Peter A. Vadas, USDA-ARS, Madison, WI, Laura W. Good, 1525 Observatory Dr., University of Wisconsin-Madison, Madison, WI and William Jokela, USDA-ARS, Marshfield, WI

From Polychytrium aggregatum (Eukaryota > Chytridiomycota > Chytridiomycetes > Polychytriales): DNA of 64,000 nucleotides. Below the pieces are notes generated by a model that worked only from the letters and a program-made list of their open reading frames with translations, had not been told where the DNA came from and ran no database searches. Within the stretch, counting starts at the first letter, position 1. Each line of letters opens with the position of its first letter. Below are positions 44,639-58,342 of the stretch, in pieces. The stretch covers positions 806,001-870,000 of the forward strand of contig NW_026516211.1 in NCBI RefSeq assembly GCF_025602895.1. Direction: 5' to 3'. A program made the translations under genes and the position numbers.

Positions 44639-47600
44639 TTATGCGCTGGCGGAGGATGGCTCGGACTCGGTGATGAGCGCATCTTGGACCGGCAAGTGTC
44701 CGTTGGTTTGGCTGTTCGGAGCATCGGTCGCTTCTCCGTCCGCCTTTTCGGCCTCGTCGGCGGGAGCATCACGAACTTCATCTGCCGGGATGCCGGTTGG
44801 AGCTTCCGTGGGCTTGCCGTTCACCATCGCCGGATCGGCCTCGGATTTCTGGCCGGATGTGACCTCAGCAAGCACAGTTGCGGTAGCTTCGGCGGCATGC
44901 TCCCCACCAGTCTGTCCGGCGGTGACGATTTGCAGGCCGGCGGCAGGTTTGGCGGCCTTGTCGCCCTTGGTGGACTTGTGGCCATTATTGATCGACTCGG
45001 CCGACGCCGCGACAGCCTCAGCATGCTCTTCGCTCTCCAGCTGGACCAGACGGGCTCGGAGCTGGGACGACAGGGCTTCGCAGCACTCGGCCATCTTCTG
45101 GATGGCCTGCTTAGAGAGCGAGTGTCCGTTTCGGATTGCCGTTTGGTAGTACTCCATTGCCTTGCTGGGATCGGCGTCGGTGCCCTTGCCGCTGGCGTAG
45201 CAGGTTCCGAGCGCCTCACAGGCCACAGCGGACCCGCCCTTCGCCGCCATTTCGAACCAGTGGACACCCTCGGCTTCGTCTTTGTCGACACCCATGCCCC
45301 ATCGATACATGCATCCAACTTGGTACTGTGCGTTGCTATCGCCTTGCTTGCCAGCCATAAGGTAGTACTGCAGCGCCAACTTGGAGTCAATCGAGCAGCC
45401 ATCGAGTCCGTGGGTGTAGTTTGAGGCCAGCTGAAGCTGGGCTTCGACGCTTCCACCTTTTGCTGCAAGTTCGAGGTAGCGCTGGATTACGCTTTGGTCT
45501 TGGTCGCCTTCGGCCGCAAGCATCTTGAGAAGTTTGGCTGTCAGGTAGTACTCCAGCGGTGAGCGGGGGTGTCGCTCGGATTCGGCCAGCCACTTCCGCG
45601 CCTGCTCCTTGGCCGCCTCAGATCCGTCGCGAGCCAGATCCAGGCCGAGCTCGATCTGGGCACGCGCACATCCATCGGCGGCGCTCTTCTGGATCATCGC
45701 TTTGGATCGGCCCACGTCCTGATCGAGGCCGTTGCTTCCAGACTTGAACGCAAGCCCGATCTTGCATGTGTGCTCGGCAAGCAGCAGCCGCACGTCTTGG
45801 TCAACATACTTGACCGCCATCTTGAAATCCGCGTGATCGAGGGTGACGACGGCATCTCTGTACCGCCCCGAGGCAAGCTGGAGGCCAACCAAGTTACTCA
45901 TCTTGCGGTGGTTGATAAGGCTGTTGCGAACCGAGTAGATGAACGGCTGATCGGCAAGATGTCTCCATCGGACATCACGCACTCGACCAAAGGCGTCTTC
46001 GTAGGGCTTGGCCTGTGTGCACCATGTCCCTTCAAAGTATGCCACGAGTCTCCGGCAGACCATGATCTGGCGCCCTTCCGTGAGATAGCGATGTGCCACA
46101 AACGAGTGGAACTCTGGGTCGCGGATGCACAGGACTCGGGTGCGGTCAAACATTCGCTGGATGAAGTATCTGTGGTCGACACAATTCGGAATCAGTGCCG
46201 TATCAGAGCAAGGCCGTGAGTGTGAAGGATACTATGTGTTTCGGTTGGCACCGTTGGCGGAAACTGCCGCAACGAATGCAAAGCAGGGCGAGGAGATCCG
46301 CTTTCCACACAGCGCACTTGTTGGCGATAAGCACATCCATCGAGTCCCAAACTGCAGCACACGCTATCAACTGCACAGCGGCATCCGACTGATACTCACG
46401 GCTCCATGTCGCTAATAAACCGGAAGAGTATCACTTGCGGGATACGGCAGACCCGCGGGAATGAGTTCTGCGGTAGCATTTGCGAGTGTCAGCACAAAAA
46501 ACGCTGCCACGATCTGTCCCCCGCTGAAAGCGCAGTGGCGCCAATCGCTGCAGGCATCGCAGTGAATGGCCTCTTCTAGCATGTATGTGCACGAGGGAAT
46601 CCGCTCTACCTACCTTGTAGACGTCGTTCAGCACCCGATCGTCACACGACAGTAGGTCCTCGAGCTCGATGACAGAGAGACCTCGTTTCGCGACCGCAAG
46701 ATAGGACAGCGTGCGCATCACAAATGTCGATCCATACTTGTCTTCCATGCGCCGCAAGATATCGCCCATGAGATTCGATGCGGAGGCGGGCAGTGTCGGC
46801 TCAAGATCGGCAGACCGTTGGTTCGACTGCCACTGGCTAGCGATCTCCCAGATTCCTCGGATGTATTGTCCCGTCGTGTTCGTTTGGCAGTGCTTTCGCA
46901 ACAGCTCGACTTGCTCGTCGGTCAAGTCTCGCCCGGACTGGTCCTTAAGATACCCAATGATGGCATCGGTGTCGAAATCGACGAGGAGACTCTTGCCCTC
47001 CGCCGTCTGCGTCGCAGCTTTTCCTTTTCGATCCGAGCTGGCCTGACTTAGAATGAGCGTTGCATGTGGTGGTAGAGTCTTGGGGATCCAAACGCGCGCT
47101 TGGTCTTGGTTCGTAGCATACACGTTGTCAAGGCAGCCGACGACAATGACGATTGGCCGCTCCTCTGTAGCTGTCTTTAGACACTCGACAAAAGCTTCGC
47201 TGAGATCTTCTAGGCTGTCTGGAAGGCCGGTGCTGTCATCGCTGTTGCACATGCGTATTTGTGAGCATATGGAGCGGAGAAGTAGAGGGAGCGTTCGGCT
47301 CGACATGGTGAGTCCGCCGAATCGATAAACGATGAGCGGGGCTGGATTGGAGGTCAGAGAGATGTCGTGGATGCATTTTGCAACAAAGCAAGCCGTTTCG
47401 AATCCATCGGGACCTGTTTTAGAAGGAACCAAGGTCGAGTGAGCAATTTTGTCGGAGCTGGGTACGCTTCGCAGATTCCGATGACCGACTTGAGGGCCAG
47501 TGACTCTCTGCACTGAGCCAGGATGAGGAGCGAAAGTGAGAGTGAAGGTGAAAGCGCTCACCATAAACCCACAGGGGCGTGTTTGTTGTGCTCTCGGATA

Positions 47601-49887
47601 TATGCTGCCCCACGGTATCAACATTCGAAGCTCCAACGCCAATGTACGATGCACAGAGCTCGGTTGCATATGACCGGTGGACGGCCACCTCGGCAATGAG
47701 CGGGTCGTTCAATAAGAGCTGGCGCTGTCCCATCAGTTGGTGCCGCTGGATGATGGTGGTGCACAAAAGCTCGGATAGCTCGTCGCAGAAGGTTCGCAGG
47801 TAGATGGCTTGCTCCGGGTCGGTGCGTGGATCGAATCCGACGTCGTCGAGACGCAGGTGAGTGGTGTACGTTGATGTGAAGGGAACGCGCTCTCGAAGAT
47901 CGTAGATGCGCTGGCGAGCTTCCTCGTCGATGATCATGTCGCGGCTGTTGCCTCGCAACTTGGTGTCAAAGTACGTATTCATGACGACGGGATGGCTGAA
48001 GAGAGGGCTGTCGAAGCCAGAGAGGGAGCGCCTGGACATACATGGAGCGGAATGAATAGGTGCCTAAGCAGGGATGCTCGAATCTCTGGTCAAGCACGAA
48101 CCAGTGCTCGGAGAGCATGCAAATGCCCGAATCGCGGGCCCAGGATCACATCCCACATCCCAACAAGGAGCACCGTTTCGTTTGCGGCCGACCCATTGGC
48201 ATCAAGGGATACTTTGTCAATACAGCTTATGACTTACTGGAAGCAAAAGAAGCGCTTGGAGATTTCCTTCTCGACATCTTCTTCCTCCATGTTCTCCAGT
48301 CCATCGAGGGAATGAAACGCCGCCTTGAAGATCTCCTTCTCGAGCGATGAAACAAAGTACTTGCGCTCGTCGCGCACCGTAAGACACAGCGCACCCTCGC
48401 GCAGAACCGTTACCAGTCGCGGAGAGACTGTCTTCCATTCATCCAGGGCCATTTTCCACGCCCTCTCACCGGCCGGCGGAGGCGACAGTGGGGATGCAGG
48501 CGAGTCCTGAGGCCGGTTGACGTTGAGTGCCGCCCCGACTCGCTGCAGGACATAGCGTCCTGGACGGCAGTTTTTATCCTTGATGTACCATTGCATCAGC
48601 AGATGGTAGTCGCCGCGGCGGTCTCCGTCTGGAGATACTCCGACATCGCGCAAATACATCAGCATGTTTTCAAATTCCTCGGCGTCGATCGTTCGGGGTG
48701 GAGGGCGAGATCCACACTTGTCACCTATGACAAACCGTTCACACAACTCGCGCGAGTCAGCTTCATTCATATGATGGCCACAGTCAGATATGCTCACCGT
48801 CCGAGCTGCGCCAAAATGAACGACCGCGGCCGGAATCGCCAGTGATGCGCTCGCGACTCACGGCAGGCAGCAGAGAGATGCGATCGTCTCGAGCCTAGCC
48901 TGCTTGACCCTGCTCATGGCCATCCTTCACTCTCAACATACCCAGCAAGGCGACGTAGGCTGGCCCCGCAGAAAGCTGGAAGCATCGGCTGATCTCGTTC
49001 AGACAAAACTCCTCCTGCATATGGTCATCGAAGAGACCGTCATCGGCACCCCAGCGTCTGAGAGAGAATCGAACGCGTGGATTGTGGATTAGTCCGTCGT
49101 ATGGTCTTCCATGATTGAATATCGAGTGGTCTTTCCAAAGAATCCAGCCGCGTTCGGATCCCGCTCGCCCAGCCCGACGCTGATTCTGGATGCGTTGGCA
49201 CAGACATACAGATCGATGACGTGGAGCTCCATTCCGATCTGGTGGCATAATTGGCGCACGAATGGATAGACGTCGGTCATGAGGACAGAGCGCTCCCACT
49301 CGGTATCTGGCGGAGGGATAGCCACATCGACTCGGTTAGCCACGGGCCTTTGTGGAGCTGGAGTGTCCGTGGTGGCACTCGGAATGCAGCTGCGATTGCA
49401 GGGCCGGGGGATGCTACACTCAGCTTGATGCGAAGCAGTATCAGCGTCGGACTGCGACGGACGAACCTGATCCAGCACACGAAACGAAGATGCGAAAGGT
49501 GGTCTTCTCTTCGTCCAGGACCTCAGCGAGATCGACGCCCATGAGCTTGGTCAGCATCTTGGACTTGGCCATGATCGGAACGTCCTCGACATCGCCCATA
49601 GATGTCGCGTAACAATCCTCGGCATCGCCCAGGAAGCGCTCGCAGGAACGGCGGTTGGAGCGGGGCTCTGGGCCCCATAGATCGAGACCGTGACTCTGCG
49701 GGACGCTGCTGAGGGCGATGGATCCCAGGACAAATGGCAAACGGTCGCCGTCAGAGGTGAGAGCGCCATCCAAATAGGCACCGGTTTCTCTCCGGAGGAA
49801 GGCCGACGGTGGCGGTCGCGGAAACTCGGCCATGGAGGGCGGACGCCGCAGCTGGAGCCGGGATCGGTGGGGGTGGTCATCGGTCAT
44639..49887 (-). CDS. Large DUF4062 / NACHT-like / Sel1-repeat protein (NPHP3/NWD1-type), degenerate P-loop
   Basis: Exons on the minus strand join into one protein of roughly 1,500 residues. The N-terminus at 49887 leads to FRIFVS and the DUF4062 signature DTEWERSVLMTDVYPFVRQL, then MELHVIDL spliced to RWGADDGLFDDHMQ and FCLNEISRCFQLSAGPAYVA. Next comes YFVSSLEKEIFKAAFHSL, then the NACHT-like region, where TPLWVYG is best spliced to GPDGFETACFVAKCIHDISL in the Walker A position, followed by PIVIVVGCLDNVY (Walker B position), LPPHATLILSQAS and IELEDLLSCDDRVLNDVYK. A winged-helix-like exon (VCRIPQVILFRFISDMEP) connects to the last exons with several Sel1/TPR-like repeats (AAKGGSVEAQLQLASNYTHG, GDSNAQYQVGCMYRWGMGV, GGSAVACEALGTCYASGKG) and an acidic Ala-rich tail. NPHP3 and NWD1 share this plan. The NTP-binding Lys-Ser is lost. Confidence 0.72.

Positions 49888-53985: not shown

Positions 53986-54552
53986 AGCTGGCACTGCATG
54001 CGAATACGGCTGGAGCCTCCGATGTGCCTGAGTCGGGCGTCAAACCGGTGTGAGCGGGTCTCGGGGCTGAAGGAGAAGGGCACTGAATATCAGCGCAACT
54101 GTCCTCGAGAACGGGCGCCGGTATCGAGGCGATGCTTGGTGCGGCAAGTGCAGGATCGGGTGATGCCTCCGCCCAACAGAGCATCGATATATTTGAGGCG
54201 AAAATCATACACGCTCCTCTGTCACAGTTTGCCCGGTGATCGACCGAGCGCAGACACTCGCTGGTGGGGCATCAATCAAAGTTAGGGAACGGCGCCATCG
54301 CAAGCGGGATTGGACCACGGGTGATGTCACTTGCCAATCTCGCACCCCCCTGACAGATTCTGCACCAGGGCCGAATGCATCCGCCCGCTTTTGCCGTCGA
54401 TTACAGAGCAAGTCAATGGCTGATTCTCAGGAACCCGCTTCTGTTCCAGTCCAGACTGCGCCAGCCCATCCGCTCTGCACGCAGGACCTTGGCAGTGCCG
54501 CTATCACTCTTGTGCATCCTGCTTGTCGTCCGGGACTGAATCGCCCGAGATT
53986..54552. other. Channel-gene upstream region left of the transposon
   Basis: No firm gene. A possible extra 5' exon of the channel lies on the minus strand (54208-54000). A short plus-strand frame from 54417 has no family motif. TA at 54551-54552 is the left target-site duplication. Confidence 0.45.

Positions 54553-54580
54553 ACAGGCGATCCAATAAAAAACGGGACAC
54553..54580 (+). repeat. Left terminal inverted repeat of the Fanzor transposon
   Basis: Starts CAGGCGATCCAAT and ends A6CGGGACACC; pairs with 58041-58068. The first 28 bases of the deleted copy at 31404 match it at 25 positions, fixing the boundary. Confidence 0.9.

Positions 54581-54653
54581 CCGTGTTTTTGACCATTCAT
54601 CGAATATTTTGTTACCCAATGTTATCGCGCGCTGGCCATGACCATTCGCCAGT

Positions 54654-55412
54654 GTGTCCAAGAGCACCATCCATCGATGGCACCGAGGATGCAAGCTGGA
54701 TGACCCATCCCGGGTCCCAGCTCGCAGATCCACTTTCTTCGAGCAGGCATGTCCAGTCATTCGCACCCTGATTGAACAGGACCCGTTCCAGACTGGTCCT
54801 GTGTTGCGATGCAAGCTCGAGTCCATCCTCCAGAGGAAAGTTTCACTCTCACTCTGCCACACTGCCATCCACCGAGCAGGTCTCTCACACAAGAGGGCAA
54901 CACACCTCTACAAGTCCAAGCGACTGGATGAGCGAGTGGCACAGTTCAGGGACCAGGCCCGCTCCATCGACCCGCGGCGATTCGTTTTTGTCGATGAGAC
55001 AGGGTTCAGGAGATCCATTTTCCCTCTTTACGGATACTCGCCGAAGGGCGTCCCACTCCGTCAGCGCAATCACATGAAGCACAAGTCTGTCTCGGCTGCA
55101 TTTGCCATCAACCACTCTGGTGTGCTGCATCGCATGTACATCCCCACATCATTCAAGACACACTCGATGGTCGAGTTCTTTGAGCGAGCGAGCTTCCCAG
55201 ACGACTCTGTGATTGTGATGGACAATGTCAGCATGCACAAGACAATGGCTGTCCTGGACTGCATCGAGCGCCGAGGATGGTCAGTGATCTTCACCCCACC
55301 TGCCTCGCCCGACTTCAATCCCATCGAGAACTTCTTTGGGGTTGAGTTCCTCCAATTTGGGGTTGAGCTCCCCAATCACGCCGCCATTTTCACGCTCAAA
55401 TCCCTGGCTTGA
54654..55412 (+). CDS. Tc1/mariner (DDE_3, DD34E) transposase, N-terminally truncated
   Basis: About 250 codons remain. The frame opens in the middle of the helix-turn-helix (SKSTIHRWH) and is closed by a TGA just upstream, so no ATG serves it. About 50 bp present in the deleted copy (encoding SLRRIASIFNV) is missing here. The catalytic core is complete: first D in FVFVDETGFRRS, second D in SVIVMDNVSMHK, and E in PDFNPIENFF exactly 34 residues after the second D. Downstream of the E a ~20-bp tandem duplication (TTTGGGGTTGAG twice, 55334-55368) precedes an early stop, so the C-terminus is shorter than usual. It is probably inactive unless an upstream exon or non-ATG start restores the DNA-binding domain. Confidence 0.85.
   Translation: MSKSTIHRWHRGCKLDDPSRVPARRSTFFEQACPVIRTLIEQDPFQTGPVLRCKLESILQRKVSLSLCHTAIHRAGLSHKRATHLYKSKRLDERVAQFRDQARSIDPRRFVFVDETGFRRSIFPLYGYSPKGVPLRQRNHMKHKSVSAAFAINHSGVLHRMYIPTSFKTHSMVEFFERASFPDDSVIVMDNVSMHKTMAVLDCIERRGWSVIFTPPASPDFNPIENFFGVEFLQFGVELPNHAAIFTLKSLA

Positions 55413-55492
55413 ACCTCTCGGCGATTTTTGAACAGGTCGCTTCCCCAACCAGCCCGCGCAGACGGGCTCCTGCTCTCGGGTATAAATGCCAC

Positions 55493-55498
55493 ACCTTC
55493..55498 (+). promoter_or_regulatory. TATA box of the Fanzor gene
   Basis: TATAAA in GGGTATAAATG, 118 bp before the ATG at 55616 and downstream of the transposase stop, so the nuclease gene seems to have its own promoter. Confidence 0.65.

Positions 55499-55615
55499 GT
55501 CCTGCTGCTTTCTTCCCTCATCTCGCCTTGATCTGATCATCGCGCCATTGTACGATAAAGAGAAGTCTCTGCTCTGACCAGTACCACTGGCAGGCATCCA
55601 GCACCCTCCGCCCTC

Agricultural nutrient management is an important area of research and policy due to concerns of phosphorus (P) loss in runoff and water quality degradation. Surface manure application to fields without incorporation can be a significant source of P loss. In northern states, winter manure application without incorporation is common. This fact, combined with frequent snowmelt runoff, has prompted some states to restrict winter manure spreading. Overall, good understanding of P cycling and transport associated with winter manure application is lacking. We collected precipitation and field runoff data from six monitored locations in WI. In total, there were 108 site years of runoff data representing a variety of climate and soil conditions. We divided the data into groups of high, medium, and low runoff. We then used the SurPhos model to simulate dairy manure application, allowing the model to change the day of manure application so that each day of the year was represented. Phosphorus loss in runoff is generally low for all rates of site runoff if manure was applied between March and October. For the low runoff sites, P loss in runoff increases if manure is applied in the winter, but not very dramatically. For medium and high runoff sites, applying manure during the winter can significantly increase the risk of P loss, with peak loss occurring if manure is applied around late January to early February. Results show avoiding winter manure application could help decrease potential P loss in runoff. Because the rate of runoff (high, medium, or low) is not always the same for a given field every year (i.e., the same field could have low runoff one year and high the next), it may be difficult to reliably identify low runoff fields that may be able to receive winter-applied manure.